Friends and Family say goodbye to 14-year-old Hamilton boy
Maxwell King (Source: Fairfield Schools)
Hundreds of friends, family and classmates paid their last respects to Maxwell King Sunday who died suddenly last week while playing basketball at the East Butler County YMCA.
Max's funeral at Community Church in Hamilton attracted hundreds of people.
Kyle Gray says he's known Max since the third grade.
"He's the brother I never had. I'm an only child so we went to the Y almost everyday together," said Gray.
Kyle says he and Max worked hard to become better athletes. "Everyday at the Y we'd strive to make our teams. I play lacrosse he played basketball so I just want to play my lacrosse season for him."
Kyle's parents, Kim and Don Gray, say it was hard not to like Max.
"Maxwell was such a nice kid. He never met anybody that he didn't like so everybody just loved Maxwell," said Don Gray.
"He never said a mean thing about anybody," added Kim Gray.
Maxwell's cheerful disposition has left a lasting impression with classmate Chase Baechle who says "He was always smiling, he was always happy and its just kind of like resonated throughout everyone. When he was happy everyone was happy."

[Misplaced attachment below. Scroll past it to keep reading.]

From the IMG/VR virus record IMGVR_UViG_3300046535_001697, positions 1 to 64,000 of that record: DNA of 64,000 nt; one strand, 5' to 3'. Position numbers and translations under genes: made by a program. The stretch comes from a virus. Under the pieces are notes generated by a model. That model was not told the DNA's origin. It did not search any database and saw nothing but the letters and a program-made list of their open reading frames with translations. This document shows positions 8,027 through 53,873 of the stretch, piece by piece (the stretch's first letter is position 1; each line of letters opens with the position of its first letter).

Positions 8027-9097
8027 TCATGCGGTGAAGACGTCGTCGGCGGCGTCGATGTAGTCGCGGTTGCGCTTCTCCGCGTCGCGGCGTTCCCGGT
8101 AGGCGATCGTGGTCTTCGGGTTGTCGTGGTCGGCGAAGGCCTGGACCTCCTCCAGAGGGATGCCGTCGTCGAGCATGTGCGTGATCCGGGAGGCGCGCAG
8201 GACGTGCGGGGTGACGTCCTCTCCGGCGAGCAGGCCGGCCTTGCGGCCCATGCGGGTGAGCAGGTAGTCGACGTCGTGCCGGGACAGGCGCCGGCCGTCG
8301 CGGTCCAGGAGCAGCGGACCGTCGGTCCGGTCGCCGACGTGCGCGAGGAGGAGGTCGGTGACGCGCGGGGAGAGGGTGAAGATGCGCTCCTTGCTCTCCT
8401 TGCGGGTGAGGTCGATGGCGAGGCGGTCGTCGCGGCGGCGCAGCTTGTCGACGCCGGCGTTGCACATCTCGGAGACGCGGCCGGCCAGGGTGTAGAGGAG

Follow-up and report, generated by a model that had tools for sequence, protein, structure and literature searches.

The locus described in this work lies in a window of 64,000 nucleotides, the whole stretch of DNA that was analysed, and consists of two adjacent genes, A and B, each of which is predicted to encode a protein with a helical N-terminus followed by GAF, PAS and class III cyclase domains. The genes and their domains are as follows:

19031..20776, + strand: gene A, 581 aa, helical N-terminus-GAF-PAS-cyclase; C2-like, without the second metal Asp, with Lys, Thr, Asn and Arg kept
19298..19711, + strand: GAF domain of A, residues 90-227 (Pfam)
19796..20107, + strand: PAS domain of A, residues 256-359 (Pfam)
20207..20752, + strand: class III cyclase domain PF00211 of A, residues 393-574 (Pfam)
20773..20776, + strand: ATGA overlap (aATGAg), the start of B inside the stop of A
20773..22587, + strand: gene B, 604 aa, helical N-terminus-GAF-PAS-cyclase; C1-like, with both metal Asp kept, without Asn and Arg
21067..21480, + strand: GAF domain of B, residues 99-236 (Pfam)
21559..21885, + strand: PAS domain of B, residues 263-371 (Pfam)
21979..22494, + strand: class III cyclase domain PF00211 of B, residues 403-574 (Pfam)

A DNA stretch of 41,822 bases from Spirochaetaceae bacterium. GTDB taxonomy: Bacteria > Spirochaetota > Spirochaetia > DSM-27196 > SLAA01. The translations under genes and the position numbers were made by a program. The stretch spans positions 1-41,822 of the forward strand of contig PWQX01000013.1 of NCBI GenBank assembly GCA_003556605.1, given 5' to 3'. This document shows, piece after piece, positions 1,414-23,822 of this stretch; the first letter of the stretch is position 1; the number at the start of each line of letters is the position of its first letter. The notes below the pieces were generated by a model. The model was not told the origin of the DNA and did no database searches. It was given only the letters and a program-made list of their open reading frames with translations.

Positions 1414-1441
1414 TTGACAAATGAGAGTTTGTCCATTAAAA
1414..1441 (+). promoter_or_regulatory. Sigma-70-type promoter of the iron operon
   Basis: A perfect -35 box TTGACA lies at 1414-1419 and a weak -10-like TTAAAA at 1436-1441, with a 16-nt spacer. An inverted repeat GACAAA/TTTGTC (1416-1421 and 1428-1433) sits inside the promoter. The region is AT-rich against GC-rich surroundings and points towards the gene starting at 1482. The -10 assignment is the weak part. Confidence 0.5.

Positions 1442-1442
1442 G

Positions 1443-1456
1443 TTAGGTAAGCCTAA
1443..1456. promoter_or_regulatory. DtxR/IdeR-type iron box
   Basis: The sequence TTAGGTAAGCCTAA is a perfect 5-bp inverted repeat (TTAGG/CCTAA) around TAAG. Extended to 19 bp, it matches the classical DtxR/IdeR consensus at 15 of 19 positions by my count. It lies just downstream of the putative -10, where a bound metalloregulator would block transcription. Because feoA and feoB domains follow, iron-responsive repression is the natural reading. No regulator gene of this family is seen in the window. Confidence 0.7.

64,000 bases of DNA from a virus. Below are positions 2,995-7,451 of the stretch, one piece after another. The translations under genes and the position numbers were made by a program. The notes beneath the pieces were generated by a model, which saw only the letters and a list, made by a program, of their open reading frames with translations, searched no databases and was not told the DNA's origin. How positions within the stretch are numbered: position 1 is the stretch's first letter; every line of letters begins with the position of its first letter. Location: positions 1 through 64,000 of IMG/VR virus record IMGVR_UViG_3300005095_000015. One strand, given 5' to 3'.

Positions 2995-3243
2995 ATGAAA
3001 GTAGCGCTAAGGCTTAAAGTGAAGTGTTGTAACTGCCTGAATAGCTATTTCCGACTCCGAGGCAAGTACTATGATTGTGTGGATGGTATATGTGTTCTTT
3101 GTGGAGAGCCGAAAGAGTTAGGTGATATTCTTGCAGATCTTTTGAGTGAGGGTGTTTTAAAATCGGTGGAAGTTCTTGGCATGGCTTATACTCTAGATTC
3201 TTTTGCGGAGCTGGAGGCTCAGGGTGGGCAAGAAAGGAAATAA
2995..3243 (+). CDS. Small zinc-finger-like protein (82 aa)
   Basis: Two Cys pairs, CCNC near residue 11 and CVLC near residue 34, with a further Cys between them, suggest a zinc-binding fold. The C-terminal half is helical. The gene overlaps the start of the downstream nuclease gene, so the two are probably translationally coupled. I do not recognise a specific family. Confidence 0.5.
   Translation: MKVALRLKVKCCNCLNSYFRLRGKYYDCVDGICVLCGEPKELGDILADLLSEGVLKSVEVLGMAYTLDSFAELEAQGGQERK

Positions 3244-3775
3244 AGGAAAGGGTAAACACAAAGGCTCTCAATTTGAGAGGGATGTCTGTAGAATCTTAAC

"He was always in a good mood and like if you're every sad he would always make you feel in a better mood and even if something was wrong with him he would never show it because he would want to bring other people up and not bring anyone down," said Cierra Place, who had known Max since 7th grade.
Mason Ritter says Max's passing has made a lot of people re-examine the meaning of friendship. "Our whole school since Max died...they've come together. I didn't talk to half the school and now we talk to each other."
Chase Baechle says the coming together is comforting. "There's people that I haven't talked to in years that have came up to me and hugged me and I've hugged them, people that I used to not get along with that now have just all came together."
Long time friend Jonah Robinson says he'll always remember Max's love of basketball. "Me and him growing up we always thought we were going to be playing basketball, become professionals. We'd go over to his house and play games and stuff and practice and everything. We'd try out for teams and stuff and we became great friends because of that.
It was an outpouring of affection from the community that meant a lot to Max's family.
"Just to come here and see the pouring out from the school, the Y, the everything and just see the legacy that Max left. It just lets us know that our nephew was really a phenomenal young man that my brother had instilled in him to become," said Lynn Jackson, Max's aunt.
The tears for Maxwell won't end with his funeral, but his classmates say Max's death has taught them a valuable lesson: That life is precious and fleeting and should never be taken for granted.